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The Woman at the Well

by Stephen Davey Scripture Reference: Matthew 4:12; Mark 1:14; Luke 3:19–20; John 4:1–42

Jesus is the Savior of the world. And like Jesus, Himself, we must not allow man-made boundaries to keep us from taking His gospel to people who need to hear it—in all the world.


As we begin our Wisdom Journey in John 4, Jesus is leaving Judea and heading north toward Galilee. In verse 4, we are told, “He [Jesus] had to pass through Samaria.” The verb here indicates it was necessary He go through Samaria—He “had to go there.” You see, Jesus has a divine appointment, and the Holy Spirit is leading the way.

Now as Jesus travels through Samaria, He comes to an ancient well Jacob had dug centuries earlier. It’s about noontime, and the disciples have gone into the village of Sychar to buy some food, leaving Jesus to sit down and rest by this well. John writes, “A woman from Samaria came to draw water. Jesus said to her, ‘Give me a drink’” (verse 7).

This is a stunning encounter by the way. Jewish people did not talk to Samaritan people. According to the Mishnah, a commentary on Jewish life, they believed that Samaritan people were unclean from the cradle to the grave.

This bitter feud goes back in time some 700 years. It started when the Assyrians attacked the northern tribes of Israel and carried most of the people into captivity.

The Jews who were left behind intermarried with captives from other nations whom the Assyrians brought into the land to farm it and manage it. These mixed Jews, you could call them, developed their own religion—sort of a watered-down Judaism. They even built their own temple on Mount Gerizim, not too far from where Jesus is now talking to this Samaritan woman.

By the way, for Jesus to speak here is a violation of three Jewish traditions—sort of unspoken rules. First, He is talking to a Samaritan. You just did not do that if you were a good Jewish man.

Second, He is talking with a woman. You need to understand that in Jesus’ generation a rabbi was to be so circumspect that he was never to even greet a woman in public, much less talk to her. And this is not just any woman—she has quite a reputation as we will learn.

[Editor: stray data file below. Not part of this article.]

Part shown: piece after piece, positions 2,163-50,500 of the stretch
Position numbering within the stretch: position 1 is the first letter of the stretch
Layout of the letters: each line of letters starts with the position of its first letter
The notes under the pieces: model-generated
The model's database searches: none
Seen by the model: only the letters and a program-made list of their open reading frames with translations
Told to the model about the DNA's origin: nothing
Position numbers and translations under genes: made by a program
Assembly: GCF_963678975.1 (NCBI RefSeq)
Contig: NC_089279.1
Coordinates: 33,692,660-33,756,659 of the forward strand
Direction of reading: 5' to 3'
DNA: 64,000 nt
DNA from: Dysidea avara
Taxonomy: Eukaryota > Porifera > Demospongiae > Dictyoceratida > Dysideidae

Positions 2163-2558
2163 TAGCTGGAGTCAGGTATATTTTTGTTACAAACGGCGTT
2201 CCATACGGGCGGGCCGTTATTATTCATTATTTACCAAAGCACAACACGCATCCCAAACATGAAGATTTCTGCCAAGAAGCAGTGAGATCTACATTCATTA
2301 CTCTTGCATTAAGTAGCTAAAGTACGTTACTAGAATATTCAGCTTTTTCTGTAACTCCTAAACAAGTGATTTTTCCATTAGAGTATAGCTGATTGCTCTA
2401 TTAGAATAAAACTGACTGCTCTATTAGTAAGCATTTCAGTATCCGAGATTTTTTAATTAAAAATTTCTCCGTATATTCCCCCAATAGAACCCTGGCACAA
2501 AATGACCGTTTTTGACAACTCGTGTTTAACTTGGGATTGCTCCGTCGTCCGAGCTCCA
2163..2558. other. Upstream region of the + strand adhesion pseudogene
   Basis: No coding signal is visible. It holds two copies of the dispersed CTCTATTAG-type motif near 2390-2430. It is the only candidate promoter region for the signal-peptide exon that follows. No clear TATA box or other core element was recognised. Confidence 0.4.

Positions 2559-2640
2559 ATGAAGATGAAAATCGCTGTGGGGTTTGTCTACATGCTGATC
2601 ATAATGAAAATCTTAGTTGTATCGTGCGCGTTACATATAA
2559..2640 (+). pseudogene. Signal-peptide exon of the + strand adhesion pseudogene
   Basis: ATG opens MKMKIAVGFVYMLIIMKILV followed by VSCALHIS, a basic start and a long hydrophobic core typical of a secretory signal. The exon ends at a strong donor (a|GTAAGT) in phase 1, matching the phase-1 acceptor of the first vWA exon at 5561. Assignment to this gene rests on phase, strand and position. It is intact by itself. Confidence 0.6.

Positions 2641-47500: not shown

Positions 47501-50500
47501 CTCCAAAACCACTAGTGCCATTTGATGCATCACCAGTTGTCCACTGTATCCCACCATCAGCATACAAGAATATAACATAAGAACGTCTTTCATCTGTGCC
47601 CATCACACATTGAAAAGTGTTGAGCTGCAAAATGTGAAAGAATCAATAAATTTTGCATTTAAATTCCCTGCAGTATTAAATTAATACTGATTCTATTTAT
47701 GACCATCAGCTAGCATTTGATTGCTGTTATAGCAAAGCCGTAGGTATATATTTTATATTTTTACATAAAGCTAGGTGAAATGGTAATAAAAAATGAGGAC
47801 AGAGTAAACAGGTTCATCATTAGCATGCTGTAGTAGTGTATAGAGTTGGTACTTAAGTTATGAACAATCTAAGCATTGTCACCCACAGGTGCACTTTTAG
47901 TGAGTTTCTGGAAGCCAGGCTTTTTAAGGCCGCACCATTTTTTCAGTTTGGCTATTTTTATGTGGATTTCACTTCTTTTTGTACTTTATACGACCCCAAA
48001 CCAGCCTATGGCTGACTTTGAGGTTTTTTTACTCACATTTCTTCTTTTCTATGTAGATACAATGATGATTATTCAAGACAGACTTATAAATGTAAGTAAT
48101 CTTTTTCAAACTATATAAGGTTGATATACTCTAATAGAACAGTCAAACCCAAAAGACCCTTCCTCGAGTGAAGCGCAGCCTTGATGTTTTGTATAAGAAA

No doubt this explains why she is drawing water at noon, the hottest time of the day. Nobody else is going to come to the well at this time and stare at her or laugh at her or call her dirty names. Let me tell you, this is a lonely, sinful, needy woman. She is thirsty for something real—something that will last!

The third rule Jesus breaks is that He asks her for a drink of water. According to popular opinion, to receive food or drink from a Samaritan would be to share in that person’s ceremonial impurity.  

Well, none of this escapes this woman’s notice. She asks Jesus in verse 9, “How is it that you, a Jew, ask for a drink from me, a woman of Samaria?” Jesus responds, “If you knew the gift of God, and who it is that is saying to you, ‘Give me a drink,’ you would have asked him, and he would have given you living water” (verse 10).

Now this woman is confused, of course; she says to Jesus in verse 11, “Sir, you have nothing to draw water with, and the well is deep. Where do you get that living water?” And she’s blunt with Jesus in verse 12, asking, “Are you greater than our father Jacob?”

In other words, she’s saying to Jesus, “Jacob, our great forefather dug this well; so if you can get better water than Jacob, who must you think you are?” Well, He is going to answer that question in a moment, but first He describes for her the living water He is offering: